Sorry to annoy you, but it’s my rights

After a recent poll by Thomson Reuters Foundation stated that Pakistan is the world’sthird most dangerous country for women, many men moaned. What else do you women want, they say, looking at their women colleagues who earn as much as them and get the same perks and privileges.

Here is what we want: a realistic view of the acute problem of discrimination against womenin our society.

Even if we do not talk about sexual and domestic violence that Pakistani women are routinely subjected to, there is still a long way to go to address the chauvinistic attitudes that remain entrenched. Phrases, such as “lady doctor” or “lady health worker” are used on a regular basis, as though being female makes her less professional than a male doctor or health worker. Even today, when someone advertises to hire an office secretary, their gender – female – is a criterion. Some jobs are considered more “suitable” for women, for instance, teaching where they can be close to their kids or return home before their husbands/fathers, as opposed to more “hardcore” professions such as law or accountancy. Anything to do with clothes or physical appearance – such as fashion designing or hair styling – is considered appropriate.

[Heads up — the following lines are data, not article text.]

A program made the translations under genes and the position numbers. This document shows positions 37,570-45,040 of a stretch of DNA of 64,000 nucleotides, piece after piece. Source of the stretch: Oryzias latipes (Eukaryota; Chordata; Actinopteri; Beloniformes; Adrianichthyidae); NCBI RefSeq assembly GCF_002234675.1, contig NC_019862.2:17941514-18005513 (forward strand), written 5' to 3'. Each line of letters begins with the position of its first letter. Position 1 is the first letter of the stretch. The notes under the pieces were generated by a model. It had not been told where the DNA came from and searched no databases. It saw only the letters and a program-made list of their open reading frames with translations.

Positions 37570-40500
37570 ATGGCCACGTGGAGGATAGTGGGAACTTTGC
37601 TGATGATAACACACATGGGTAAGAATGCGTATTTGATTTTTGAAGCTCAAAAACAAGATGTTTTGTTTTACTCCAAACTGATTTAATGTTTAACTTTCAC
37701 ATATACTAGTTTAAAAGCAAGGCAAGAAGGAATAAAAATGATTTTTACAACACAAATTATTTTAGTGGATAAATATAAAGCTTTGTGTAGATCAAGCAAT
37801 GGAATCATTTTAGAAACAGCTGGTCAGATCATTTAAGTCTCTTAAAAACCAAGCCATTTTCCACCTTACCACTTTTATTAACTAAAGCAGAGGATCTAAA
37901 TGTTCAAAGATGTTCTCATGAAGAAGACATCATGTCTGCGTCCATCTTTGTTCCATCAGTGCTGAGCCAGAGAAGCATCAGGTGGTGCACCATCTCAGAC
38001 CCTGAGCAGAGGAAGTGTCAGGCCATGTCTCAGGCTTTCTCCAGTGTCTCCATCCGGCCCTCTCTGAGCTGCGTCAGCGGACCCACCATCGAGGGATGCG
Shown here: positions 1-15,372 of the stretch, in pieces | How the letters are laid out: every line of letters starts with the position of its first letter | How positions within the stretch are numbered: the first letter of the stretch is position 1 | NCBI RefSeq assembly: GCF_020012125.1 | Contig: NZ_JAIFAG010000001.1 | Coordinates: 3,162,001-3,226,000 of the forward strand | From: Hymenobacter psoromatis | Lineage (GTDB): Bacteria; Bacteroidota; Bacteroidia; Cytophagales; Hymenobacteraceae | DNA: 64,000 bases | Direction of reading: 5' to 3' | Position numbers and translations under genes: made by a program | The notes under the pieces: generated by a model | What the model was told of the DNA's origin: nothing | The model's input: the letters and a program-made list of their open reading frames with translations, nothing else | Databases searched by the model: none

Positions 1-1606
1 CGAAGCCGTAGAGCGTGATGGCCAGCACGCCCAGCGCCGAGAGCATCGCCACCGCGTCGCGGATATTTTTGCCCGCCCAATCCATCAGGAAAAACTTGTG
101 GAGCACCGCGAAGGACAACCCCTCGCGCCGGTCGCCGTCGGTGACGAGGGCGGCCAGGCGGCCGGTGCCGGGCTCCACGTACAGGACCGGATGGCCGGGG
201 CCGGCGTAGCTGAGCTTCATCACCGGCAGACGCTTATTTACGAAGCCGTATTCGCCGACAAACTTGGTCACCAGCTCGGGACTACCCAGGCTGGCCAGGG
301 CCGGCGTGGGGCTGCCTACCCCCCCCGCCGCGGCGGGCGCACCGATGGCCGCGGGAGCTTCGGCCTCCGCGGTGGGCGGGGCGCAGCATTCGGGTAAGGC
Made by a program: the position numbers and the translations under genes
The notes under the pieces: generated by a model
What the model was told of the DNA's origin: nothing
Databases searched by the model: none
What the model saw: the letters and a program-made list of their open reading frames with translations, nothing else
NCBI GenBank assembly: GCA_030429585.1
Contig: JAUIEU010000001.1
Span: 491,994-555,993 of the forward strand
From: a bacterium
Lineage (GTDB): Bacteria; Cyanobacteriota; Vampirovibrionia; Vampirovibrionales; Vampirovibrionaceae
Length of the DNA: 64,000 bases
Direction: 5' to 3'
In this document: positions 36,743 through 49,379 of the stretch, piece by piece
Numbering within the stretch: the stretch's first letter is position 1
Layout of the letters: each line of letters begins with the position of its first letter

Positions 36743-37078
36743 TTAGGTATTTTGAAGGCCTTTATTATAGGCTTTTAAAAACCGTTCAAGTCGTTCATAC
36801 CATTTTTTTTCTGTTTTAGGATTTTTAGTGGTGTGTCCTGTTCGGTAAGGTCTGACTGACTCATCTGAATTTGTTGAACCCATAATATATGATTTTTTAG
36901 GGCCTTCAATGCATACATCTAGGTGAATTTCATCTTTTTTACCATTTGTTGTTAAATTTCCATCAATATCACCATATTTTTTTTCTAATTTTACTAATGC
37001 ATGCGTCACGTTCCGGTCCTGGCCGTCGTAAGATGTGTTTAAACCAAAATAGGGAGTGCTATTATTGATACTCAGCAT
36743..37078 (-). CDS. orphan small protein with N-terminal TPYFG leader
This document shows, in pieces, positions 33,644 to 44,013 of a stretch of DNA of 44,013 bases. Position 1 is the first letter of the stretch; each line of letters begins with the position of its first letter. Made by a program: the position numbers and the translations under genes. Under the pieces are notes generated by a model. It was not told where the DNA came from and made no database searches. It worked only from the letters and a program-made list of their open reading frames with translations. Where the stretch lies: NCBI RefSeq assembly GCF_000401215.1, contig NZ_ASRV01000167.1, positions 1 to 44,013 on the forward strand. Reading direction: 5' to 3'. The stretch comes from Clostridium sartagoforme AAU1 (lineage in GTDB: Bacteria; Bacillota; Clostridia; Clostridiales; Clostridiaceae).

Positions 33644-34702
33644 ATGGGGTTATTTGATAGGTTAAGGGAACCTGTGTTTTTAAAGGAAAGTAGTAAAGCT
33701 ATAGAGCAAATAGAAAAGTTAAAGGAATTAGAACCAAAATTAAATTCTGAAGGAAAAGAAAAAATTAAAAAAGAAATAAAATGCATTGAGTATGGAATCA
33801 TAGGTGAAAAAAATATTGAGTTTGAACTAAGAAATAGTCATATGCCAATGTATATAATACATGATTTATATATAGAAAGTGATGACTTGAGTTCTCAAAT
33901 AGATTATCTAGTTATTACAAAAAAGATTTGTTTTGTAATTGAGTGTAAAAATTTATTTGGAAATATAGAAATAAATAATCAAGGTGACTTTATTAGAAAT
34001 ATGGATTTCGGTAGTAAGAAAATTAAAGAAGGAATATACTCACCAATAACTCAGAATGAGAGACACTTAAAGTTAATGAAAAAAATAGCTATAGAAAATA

But what is alarming is that these are the attitudes affecting those who are able to go out and make a choice, albeit out of options enforced upon them by someone else. They cannot even begin to indicate the sort of problems and pressures that a large majority of Pakistani women must face every day – from being socially-ostracised for giving birth to a female child to being branded of loose character for taking up a job to help provide for her family.

Pakistan is not a safe or conducive place for women and no matter how annoying the constant “nagging” gets that is a fact that can neither be denied nor ignored. Just because a handful of women are able to choose what they study, where they work and who they marry does not mean our society has become friendlier to women. There is a long walk to freedom and only “nagging” will get us there.


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